The PS2 emulators are all incomplete by design -- DRM on console game disks would need to be broken to get them to work outside of the console. That pretty much demands breaking encryption which is a felony -- without an expiry date -- according to the DMCA (unless the librarian of congress grants an exemption)

August 3, 2012 | 02:57 AM - Posted by Tim Verry

I seriously hate the trash that is the DMCA :((. I wouldn't be surprised if Illinois senators were behind the DMCA just like they were behind SOPA... emulators should be getting an exemption just like cell phones got.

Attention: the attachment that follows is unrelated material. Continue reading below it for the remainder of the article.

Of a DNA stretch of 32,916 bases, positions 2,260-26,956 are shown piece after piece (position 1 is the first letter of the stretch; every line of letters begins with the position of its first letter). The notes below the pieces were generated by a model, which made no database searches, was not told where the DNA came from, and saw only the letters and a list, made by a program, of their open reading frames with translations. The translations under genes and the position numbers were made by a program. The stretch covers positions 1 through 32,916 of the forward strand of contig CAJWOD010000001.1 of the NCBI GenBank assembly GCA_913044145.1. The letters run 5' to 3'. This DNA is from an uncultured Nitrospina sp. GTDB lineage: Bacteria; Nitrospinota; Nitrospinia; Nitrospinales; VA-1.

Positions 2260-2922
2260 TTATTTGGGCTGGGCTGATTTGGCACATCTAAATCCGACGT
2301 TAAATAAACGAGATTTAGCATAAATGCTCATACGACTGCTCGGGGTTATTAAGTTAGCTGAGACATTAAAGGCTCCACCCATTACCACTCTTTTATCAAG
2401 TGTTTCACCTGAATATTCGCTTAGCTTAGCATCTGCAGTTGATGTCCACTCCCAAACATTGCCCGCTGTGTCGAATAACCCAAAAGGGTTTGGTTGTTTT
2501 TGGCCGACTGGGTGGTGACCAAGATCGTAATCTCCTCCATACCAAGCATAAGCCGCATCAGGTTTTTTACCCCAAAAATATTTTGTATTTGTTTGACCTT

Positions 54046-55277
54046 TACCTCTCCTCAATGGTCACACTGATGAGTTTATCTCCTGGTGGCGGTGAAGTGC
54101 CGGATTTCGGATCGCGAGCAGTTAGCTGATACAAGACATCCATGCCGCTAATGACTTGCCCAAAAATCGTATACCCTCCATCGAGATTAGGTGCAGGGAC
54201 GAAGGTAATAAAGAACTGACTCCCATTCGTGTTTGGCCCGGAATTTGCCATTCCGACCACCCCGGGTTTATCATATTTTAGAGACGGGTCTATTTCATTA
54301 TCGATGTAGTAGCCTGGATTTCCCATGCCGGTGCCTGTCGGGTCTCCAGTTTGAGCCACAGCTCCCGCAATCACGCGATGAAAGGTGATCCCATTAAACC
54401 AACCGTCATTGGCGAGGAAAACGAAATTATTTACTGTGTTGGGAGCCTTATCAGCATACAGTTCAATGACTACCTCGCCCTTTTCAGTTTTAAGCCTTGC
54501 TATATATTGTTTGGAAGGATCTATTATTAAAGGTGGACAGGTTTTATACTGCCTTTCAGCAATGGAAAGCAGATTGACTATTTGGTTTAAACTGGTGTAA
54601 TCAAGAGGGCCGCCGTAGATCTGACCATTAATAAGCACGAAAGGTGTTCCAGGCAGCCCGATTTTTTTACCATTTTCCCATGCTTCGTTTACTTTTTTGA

August 3, 2012 | 05:36 PM - Posted by Scott Michaud

If you're going to neuter it -- might as well make it legal to break encryption for legal purposes.

August 3, 2012 | 07:31 PM - Posted by Tim Verry

Yeah, like that will ever happen. The most we can hope for is an exemption :/. MAFIAA pays too much money to our politicians for them to be that logical LOL

August 3, 2012 | 11:36 PM - Posted by Scott Michaud

They are given money to campaign. If we get enough people understanding "intellectual property" then they physically couldn't buy the vote at least on that issue.

I was actually framing out an Intellectual Property post -- but was shelving it because it's quite tangential to the site and I'm not actually a lawyer (albeit I do understand these issues quite well).

Maybe soon.

August 9, 2012 | 02:43 AM - Posted by AerieAngel (not verified)

Thumbs up if you read this in the voice of Yahtzee Croshaw from the Zero Punctuation videos.